Merchandisers manage the image and displays of specific brands in stores.  Retailers use merchandising to promote specific products and services and to increase sales. Stores work to have you come into the store through signs and appealing displays in their windows, and once in the store, direct you to certain products all by the way they are positioned and displayed. This is the work of merchandisers whose job is to work with retail stores to sell their products.  Merchandisers can deliver educational materials to stores for training new employees or teaching sales tactics to existing workers. They also conduct inventory reports -counting the merchandise at a particular location – and replace old or defective stock.

Some stores have their own merchandising departments, others use third-party companies to handle merchandising certain displays. If you are employed by one of these companies you will need your own reliable transportation to get you to and from each location. You’ll travel from store to store setting up displays, doing reports and talking with employees.

Alumnus Danny Lopresti (2012) is a merchandiser in the liquor industry.

Dan PicWhat is your job?

I am currently a Wine & Spirits Merchandiser for Diageo. Diageo is one of the biggest liquor distribution companies in the world.  As a merchandiser, my role is to make sure our products have the best displays and visibility in each and every one of my stores in my territories.

What is the broader field of industry in which this work exists?

Sales and marketing and, of course, the liquor industry.

What, in general, do you do as part of this job?

I am responsible for servicing accounts in Monmouth and Ocean County ( I live and work in New Jersey). Each month we are given goals to achieve in these accounts. For example, this month we have to make 20 displays for Johnnie Walker, 15 displays for Ciroc Vodka, etc. My company creates various display pieces that we incorporate into both simple and mass displays for our accounts. The goal is to drive brand visibility which ultimately should lead to an increase in sales. We also design booth/table space and decor installations at trade shows and sales meetings. So if there is a new flavor of Captain Morgan Rum coming out, typically the distributor will hold a “launch-party” where the new product will be served. My co-workers and I are responsible for setting up those parties and facilitating the events.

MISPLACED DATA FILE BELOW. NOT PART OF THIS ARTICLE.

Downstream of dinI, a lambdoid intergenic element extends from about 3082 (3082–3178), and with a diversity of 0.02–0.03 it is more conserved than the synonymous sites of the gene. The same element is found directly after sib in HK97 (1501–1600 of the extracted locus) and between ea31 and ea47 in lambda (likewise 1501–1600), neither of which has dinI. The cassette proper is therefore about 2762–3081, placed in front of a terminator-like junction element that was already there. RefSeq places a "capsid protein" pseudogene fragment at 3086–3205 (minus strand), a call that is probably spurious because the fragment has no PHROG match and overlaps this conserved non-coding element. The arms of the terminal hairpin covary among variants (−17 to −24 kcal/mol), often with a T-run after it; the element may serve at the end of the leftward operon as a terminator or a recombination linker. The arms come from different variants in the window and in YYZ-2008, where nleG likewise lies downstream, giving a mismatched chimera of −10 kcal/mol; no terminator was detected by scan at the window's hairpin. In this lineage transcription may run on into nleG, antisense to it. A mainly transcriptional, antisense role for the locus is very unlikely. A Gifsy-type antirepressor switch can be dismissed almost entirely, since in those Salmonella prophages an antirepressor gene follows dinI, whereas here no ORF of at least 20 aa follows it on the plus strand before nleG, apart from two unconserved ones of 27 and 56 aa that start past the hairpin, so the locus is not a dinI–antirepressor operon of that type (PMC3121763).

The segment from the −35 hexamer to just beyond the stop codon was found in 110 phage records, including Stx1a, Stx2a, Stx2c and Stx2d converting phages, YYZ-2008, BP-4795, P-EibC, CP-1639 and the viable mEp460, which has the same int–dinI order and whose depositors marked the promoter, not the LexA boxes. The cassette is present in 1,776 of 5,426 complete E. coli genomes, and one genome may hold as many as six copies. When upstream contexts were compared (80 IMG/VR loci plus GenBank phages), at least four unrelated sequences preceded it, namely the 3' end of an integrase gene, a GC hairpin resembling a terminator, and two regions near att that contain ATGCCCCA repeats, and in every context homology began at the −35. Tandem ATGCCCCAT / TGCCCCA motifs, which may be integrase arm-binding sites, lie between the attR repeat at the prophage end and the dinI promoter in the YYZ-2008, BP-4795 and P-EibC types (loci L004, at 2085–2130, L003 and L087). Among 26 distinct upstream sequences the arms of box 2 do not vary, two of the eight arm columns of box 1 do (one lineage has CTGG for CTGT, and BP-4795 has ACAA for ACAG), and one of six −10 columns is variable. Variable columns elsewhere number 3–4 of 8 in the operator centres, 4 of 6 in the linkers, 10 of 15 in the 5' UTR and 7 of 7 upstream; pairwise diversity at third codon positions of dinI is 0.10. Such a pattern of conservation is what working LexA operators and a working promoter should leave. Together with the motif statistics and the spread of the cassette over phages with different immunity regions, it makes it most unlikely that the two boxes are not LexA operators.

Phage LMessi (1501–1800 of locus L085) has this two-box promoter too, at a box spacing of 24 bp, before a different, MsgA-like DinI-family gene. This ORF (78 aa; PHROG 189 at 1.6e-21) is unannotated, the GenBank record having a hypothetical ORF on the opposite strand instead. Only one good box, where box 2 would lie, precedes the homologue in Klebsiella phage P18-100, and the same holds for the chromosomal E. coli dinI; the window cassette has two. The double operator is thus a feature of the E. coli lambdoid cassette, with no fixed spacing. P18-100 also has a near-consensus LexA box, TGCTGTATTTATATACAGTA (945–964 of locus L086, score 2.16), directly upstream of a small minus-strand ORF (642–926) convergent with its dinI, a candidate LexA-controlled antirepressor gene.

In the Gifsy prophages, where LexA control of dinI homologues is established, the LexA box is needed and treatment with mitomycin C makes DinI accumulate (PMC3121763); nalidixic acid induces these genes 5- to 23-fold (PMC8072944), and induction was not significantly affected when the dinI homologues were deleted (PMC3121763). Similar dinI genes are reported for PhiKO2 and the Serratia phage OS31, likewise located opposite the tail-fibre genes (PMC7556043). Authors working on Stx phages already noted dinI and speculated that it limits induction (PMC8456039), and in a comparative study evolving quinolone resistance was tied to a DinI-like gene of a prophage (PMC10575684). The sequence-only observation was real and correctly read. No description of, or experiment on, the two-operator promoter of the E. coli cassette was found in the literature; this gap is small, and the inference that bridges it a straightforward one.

What are the pros and cons of this kind of job?

PROS: I work in an industry that requires you to interact with people from all walks of life. One account owner that I met actually grew up in the same neighborhood in Brooklyn that I did! (30 years prior to me even being born, but we still knew the same great restaurants!)

The goal in this industry is simply to make money and grow your business. I feel a lot of satisfaction in the work that I do knowing that the displays I create and the work I put in will ultimately increase sales for the accounts I service and my company as well. I take pride knowing that my work is having a direct impact on the growth of my company. There is also tremendous opportunity for growth as well.

CONS: If you don’t like traveling, this job isn’t for you. Fortunately I do enjoy traveling and typically I drive anywhere from 600-800 miles per week so it’s very much enjoyable for me.

What skills did you learn as an English major that you use in this job?